Southeast European nations are at risk of a major financial meltdown, should the Greek debt crisis result in that country deciding to pull out of the Euro, a leading economist has warned. The chief economist for the European Bank for Reconstruction and Development has urged nations in South Eastern Europe to step up efforts to protect themselves from any possible fallout.
Erik Berglof said that although “there are measures in place”, Bulgaria, Romania and Serbia especially should “erect a ring of defence” in order to help them cope better with the crisis.
“We don’t speak about it much, but… in these times of crisis one has to understand the importance of financial stability,” a worried Berglof told Balkans.com.
The problem facing Southeastern Europe is that the economies of nations such as Albania, Bulgaria, Macedonia, Romania and Serbia are burdened with an enormous Greek presence. Bulgaria alone has an estimated 24% of its national assets locked away in Greek bank vaults, not to mention as much as 20% of its bad loans.
The potential for disaster is further outlined by the World Bank, which revealed that Greek banks still possess foreign claims totaling some $69 billion throughout the region, despite offloading more than $8.5 billion worth of such claims over the last year. These claims include foreign and domestic currency lending, and cross-border lending through subsidiaries.
Research consultancy Capital Economics has also warned of the risks facing Bulgaria and Croatia, whose banks it says are the most heavily dependent on short-term lines of credit from banks inside the Eurozone. This financing is being gradually withdrawn, but the danger lies in the possibility of a more sudden withdrawal, which remains a real threat given these countries banking sector links to troubled Greece and Italy.
Capital Economics states that:
“If this scenario does materialise, both economies face a severe domestic credit crunch that could knock some 1.5-2.0% off their GDP. In the worst case, both could be forced to turn to the International Monetary Fund for help.”
The region is already feeling the effects of Europe’s credit crunch. Trade between Balkan nations and the Eurozone has slumped quite dramatically in the last couple of years, and of all countries in the region, only Bulgaria managed to post economic growth this year (less than 1%). The tattered economies of its neighbours Croatia, Romania, Serbia and Slovenia, meanwhile, have all contracted this year.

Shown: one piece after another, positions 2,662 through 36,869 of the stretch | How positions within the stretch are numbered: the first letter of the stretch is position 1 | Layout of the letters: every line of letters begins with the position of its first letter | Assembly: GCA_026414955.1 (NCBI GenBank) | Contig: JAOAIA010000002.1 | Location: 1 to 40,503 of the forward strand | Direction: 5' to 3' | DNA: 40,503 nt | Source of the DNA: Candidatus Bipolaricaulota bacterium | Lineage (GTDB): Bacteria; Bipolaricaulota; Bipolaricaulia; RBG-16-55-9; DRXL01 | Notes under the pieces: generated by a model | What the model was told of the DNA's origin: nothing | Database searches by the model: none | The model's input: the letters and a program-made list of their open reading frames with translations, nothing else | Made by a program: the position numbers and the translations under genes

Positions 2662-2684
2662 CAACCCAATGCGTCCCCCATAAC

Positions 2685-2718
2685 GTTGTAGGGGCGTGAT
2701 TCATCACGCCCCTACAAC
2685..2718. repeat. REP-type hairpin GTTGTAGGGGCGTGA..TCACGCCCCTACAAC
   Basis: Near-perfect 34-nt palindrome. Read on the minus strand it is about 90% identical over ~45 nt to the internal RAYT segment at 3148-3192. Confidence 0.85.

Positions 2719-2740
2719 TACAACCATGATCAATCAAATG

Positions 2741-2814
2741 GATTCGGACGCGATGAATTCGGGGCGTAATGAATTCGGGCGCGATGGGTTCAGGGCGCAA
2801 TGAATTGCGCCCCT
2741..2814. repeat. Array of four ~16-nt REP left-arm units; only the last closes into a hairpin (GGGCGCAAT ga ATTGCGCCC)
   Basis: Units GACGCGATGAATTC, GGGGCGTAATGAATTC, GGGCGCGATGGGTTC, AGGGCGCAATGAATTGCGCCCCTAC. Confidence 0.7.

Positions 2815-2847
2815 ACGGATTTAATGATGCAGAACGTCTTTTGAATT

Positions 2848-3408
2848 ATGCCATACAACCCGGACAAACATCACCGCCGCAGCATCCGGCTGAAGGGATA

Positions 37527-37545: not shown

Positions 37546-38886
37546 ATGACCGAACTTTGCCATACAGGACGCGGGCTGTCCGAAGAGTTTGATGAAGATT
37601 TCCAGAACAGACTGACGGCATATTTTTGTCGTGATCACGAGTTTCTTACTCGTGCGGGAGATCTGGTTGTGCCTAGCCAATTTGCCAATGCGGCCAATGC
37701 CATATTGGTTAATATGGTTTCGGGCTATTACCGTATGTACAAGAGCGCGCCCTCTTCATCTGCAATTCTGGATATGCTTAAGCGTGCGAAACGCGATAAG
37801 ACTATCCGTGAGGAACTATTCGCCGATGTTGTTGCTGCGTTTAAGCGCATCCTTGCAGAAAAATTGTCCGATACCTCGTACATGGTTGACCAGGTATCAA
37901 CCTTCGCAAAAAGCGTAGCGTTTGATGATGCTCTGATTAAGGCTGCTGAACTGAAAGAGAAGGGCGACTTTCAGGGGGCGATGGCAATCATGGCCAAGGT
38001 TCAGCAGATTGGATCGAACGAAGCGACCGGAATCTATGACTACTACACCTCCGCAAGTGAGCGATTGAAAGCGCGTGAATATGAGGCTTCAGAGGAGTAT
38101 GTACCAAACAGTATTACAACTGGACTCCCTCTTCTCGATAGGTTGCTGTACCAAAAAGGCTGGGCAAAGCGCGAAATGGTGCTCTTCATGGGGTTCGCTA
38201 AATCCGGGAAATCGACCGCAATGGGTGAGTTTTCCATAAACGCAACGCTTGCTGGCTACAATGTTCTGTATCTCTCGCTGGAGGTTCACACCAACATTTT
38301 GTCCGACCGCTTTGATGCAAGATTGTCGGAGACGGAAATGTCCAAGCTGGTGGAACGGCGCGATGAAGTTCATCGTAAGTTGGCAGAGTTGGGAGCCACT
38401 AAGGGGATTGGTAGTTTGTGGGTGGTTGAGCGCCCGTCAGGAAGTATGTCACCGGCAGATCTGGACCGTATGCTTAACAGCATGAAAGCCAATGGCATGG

Further exacerbating these problems is the region’s continuing dependence on trade with troubled nations Italy and Greece. In Bulgaria and Croatia, exports to Italy account for almost 4% of GDP, while another 3.5% of Bulgaria’s GDP is generated from Greek exports.
Trouble is also brewing in Romania. Despite possessing the largest economy in the Balkans, it faces the additional problem of political instability after its government collapsed back in May. While new elections have been scheduled to take place later this year, by the time these actually take place (in November), it’s likely that the Romanian economy will have contracted even further. As it is, without a strong government in place, any efforts to stem Romania’s economic slowdown are paralyzed by political infighting.
Capital Economics said that it fears the Romanian economy is the most vulnerable of all in the region, especially if the worst should happen and Greece withdraws from the Euro. due to the massive trade and financial links between the two countries.
Ziarul Financiar, a popular Romanian business newspaper, warns of a desperate situation should Greece decide to exit the Euro. Given the massive trade and financial links between the two nations, a Greek exit from Europe is likely to see the Romanian leu depreciate against the Euro by a whopping 15%. Such a staggering collapse would cause interest rates in the country to double virtually overnight, leading to a nightmare scenario in a country where almost two thirds of its debt is denominated in foreign currencies. The result would be something of a vicious cycle, with the leu depreciating further, hitting domestic demand and further denting local industry.
Of course, Romanians are not oblivious to the problem – interim Prime Minister Victor Ponta himself has admitted that he hopes Greece will stick it out and remain in the Eurozone, and with good reason – given the powerlessness of the country’s politicians at present, such a disaster could hardly happen at a worse time than now.
Greece Demonstrations: Courtesy Tom Tziros